Winner of the 1978 Hawthorden Prize, In Patagonia continues to attract readers, although critics have yet to treat the book in depth. Many reviews and brief mentions of the volume refer to it as a classic worthy to be set beside Hudson’s evocation of a wilder Patagonia. Alastair Reid notes many of the oddest aspects of In Patagonia, pointing out the removal of personal judgment from the book. Stressing the alien nature of the Patagonian landscape, he connects a sense of separation and strangeness to the narrator’s own role as wanderer and notes that Chatwin’s journey is a mock quest into which the past continually intrudes as a series of memories and anecdotes. In an intriguing addition to the concept of Patagonia, Malcolm Deas finds that any person is, in a metaphysical sense, Patagonian.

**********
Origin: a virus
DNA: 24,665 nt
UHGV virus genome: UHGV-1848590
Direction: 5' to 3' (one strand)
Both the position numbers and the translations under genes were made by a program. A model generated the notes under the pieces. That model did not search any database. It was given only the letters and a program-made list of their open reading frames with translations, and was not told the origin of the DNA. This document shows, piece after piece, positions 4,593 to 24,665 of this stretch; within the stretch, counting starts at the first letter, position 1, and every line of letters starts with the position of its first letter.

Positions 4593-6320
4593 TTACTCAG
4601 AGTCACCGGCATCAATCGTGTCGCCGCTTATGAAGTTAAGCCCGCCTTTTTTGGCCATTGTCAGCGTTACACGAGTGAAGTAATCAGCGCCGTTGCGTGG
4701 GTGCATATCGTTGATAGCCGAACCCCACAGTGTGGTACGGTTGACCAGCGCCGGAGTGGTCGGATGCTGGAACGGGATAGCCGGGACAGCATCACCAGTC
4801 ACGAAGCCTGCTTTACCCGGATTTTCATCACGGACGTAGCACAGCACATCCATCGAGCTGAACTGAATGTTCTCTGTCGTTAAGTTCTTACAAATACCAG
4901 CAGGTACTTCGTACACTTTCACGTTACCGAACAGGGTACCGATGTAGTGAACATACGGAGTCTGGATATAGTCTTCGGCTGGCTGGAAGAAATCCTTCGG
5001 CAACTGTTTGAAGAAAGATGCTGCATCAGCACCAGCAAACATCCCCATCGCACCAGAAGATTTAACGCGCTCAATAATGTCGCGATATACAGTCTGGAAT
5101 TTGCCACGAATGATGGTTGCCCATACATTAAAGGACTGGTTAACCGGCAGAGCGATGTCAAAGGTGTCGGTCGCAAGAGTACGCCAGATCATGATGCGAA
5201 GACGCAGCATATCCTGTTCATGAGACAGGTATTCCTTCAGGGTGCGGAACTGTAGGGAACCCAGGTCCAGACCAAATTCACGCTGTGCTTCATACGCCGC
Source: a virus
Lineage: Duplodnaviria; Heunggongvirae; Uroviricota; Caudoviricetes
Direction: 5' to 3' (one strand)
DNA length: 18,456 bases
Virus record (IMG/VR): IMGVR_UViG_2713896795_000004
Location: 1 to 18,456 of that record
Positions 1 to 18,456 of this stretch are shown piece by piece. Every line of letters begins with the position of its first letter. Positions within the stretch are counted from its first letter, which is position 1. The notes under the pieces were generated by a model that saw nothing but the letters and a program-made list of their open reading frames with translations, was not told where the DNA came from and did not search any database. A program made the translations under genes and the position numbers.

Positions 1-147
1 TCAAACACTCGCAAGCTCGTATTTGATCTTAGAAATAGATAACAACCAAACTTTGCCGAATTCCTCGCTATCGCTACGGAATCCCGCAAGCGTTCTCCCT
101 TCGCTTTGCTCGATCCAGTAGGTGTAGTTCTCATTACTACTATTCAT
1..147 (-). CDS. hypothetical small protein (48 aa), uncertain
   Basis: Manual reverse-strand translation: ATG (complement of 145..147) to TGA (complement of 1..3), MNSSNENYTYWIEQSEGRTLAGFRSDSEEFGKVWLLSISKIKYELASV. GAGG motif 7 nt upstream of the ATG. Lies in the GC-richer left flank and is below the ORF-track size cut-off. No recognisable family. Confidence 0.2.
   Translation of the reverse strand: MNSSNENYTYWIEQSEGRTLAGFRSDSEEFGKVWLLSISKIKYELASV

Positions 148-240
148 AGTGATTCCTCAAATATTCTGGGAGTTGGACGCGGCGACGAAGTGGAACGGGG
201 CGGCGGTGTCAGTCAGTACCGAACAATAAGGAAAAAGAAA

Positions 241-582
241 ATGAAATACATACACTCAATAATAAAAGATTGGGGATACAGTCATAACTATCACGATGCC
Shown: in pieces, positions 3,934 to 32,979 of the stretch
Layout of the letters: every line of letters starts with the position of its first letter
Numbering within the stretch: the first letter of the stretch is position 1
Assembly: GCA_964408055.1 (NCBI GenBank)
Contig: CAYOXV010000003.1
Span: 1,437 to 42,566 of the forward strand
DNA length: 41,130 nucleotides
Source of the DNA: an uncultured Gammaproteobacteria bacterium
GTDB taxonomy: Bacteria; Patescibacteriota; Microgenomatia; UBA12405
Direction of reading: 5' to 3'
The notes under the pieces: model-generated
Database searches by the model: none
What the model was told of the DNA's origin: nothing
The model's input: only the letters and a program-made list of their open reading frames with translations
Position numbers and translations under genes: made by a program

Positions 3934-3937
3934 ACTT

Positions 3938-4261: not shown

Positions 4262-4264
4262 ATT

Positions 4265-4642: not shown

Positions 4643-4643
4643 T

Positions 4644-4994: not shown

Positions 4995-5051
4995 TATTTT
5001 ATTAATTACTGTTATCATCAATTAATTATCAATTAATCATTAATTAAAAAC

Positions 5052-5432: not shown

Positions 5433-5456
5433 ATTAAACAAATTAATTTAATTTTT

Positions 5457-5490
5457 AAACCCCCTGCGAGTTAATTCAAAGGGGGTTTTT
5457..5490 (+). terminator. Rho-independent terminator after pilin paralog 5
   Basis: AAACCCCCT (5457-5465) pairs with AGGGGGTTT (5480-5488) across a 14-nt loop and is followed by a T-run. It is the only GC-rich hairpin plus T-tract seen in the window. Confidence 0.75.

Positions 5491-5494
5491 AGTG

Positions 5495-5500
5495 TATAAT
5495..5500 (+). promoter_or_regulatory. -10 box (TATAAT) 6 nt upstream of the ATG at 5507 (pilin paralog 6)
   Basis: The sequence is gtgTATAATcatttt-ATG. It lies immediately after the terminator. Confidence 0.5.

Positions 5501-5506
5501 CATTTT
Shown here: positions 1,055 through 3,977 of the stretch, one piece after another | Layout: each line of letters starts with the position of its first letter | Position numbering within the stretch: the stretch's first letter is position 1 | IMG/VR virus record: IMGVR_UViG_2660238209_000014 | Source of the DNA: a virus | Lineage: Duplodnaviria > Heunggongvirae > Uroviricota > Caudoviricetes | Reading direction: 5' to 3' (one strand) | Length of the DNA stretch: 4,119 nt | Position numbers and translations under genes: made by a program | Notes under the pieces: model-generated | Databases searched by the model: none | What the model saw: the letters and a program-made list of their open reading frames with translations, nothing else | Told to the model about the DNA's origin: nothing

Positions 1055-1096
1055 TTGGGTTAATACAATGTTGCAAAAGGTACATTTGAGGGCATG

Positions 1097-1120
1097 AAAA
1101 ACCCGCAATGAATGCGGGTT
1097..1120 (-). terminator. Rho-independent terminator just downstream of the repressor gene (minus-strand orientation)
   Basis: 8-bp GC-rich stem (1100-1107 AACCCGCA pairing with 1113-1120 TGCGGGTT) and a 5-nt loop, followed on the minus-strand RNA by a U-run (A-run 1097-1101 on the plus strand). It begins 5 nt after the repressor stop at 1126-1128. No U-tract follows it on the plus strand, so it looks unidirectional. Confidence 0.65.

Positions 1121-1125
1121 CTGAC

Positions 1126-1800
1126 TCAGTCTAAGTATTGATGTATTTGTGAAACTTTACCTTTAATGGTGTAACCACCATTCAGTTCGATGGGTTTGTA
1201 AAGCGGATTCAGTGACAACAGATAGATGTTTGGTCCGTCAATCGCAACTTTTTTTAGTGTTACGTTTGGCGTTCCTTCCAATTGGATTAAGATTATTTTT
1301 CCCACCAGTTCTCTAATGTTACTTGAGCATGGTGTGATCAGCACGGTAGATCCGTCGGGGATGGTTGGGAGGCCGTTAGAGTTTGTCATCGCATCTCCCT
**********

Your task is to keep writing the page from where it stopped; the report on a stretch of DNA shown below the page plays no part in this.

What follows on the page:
Commentators on Bruce Chatwin’s fictions, which emerged after In Patagonia, tend to indicate a correlation between the harshness and violence which punctuates the travel book and the events developed in his later fiction. Examples of other ties abound. The Viceroy of Ouidah (1980) shows a mocking humor, tales of suffering and injustice, the exotic, and back corners of South America. Interestingly, this tale of the young Brazilian Dom Francisco was originally meant as an accurate treatment of the Dahomey slave trade; as with In Patagonia, then, its construction teetered on the edge joining nonfiction and fiction. Another especially notable link between In Patagonia and Chatwin’s later work is the return of a focus on Welsh rural and domestic life in the novel On the Black Hill (1982). Rural Radnorshire is as full of farms, oddities, and sheep as are the oddly situated Welsh villages Chatwin visits in his earlier nonfiction. In Patagonia may serve as a launching point for readers interested in the subjects and techniques of Chatwin’s fictions, as well as a handbook for the nomadic reader who seeks the marvelous.